"When I began acting, teachers always wanted me to either tone down or eliminate my raw talent… and to ONLY use technique. Marjorie has not only helped me to better use my raw talent, she has also taught me that using raw talent AND technique can and should coincide. While working with her, I always push it to the limit and dig deeper… always!"
VICTOR RASUK (50 Shades of Grey, Godzilla, Jobs, How to Make It in America, Stop-Loss, Lords of Dogtown, Raising Victor Vargas, Che...)

Mel Gussow – The New York Times

21 March 1992 VINEGAR TOM

As staged by Marjorie Ballentine at Theater Labrador/New Georges, “Vinegar Tom” is provocative theater as well as a conscience-baring feminist document. The result is fueled by the fierceness of its conviction and makes the audience understand that injustice against women is not simply historical but perpetual. These are people fighting for their lives without armaments or hope, not even that of a spiritual survival. The show echoes the conviction of the writing with an intensity of identification.

Clive Barnes – The New York Post

17 March 1992 VINEGAR TOM

Currently, it is being given what I take to be its American premiere by Theater Labrador/New Georges at the Westbeth Theater Center. At first this new-ish (founded less than two years ago) activist group was told by Churchill’s publishers that the production rights were not available, but they secured permission by pleading personally to the playwright herself. It’s a lucky break for all concerned.

“Vinegar Tom” is a fascinating piece, full of life. The Theater Labrador – a group new to me – does it justice. Marjorie Ballentine’s staging is firm and direct, and the acting has an intensity and naturalness that does Churchill’s always incisive writing proud.

Here is a play for men to see and anti-feminist women to note.

Paul Grant – Show Business NYC

14 July 2000 THE GLASS MENAGERIE

There are no monitors, no attempts to update, and above all no cynical self-reflexivity in The Brave New Theatre Company’s production of “The Glass Menagerie” directed by Marjorie Ballentine. There is only a refreshingly genuine attempt to play it straight and allow the power of Williams’ dramatic acumen to be transmitted through this profoundly talented cast and crew.

“The Glass Menagerie” is again a success, and Marjorie Ballentine’s production reminds us that theatre can be powerful, contemporary, disturbing, and conscious-shaping by accepting a traditional form but playing it as if it were the only thing in this entire world that matters.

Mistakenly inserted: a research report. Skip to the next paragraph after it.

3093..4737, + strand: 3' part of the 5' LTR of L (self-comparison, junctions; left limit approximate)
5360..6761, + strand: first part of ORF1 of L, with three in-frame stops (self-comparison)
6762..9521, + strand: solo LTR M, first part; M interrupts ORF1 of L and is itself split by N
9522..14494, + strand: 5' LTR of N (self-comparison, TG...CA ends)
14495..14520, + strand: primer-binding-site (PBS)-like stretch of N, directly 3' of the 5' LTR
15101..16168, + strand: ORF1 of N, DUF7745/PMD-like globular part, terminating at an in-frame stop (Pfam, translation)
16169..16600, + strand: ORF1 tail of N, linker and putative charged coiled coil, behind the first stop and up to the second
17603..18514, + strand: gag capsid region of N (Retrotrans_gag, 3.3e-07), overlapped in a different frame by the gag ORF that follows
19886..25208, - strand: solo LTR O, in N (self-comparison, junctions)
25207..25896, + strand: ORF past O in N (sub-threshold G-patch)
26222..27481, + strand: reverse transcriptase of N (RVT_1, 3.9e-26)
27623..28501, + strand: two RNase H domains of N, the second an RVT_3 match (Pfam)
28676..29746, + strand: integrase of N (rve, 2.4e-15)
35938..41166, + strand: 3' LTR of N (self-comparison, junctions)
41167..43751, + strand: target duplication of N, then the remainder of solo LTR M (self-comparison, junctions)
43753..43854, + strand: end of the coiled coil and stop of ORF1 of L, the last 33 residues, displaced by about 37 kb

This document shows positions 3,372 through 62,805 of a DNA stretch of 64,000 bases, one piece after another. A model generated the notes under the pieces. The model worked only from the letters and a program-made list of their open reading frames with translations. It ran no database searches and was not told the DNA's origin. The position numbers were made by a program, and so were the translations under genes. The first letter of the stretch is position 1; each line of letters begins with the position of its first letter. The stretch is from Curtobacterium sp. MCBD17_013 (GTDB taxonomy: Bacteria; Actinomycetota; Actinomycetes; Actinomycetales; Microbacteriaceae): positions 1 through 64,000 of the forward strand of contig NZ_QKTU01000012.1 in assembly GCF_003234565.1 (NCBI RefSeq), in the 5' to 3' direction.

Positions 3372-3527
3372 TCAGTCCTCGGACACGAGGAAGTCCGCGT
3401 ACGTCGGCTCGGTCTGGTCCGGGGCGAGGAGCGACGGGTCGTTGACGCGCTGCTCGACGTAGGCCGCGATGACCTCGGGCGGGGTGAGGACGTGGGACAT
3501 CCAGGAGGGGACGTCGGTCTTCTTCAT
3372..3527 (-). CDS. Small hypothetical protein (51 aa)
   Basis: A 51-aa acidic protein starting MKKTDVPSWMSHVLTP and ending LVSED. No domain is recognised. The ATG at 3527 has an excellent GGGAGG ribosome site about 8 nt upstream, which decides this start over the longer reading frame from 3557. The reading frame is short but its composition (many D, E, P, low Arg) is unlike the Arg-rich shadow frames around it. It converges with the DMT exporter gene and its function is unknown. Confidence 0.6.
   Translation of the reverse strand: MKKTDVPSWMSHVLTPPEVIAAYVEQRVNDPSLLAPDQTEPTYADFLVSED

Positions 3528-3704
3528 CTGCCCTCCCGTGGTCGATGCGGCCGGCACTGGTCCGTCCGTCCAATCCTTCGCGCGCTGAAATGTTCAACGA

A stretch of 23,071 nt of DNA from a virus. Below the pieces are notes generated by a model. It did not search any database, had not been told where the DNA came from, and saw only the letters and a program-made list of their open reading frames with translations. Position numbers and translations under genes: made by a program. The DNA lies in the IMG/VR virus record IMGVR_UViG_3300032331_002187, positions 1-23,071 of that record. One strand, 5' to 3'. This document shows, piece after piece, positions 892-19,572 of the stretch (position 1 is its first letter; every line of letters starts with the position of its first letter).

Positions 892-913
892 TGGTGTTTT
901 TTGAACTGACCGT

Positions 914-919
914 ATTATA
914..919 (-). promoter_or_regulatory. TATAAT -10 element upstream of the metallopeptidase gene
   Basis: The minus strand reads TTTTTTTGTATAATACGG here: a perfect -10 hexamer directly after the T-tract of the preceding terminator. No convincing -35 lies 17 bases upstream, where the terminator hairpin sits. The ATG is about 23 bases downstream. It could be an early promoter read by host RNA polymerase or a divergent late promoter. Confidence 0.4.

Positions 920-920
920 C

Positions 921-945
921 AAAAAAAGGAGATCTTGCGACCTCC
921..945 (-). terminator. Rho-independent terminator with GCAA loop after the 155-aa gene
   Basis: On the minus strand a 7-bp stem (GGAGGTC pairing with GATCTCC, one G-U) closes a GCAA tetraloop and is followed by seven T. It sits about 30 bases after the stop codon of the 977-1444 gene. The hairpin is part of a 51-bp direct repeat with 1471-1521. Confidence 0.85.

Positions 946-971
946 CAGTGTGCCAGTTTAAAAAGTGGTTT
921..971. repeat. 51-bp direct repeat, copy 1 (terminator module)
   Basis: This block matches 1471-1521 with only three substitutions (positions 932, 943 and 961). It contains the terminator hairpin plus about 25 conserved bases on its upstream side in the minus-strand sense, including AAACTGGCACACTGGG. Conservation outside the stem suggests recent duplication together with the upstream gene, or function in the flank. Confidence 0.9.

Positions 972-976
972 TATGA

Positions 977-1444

Victor Gluck – Backstage NYC

14 July 2000 THE GLASS MENAGERIE

Marjorie Ballentine’s production of “The Glass Menagerie” is one that Tennessee Williams would have appreciated. From the realistic 1930’s setting by William F. Moser to the atmospheric lighting of Jason Livingston (which changes colors to symbolize the mood) to the modulated and moving acting of the quartet of actors, this is a “Menagerie” that reverberates long after the final curtain has fallen.

Rik – NYTHEATRE.COM

14 July 2000 THE GLASS MENAGERIE

It’s always a pleasure to see a Tennessee Williams production wherein the company just sticks to the script. No re-interpretation, no changes to make it “more relevant”; just a pure rendition of the original. And that is just what The Brave New Theatre Company has done in this production, respectfully directed by Marjorie Ballentine.

A play this great, directed with skill, is worth seeing.

Sylvia Ciuffetti – Worcester Telegram & Gazette

23 August 1999 STEEL MAGNOLIAS

Director Marjorie Ballentine has cast a variety of experienced and inexperienced actors, and guided them until they reached equality. No one is overshadowed; no one stands out as better than everyone else. This makes for an extraordinary ensemble performance. Part of the AmeriCulture festival’s stated mission is to “engage, entertain, educate, and establish an environment where both audience and artist are encircled by the outcome.” “Steel Magnolias” fulfills each of these requirements.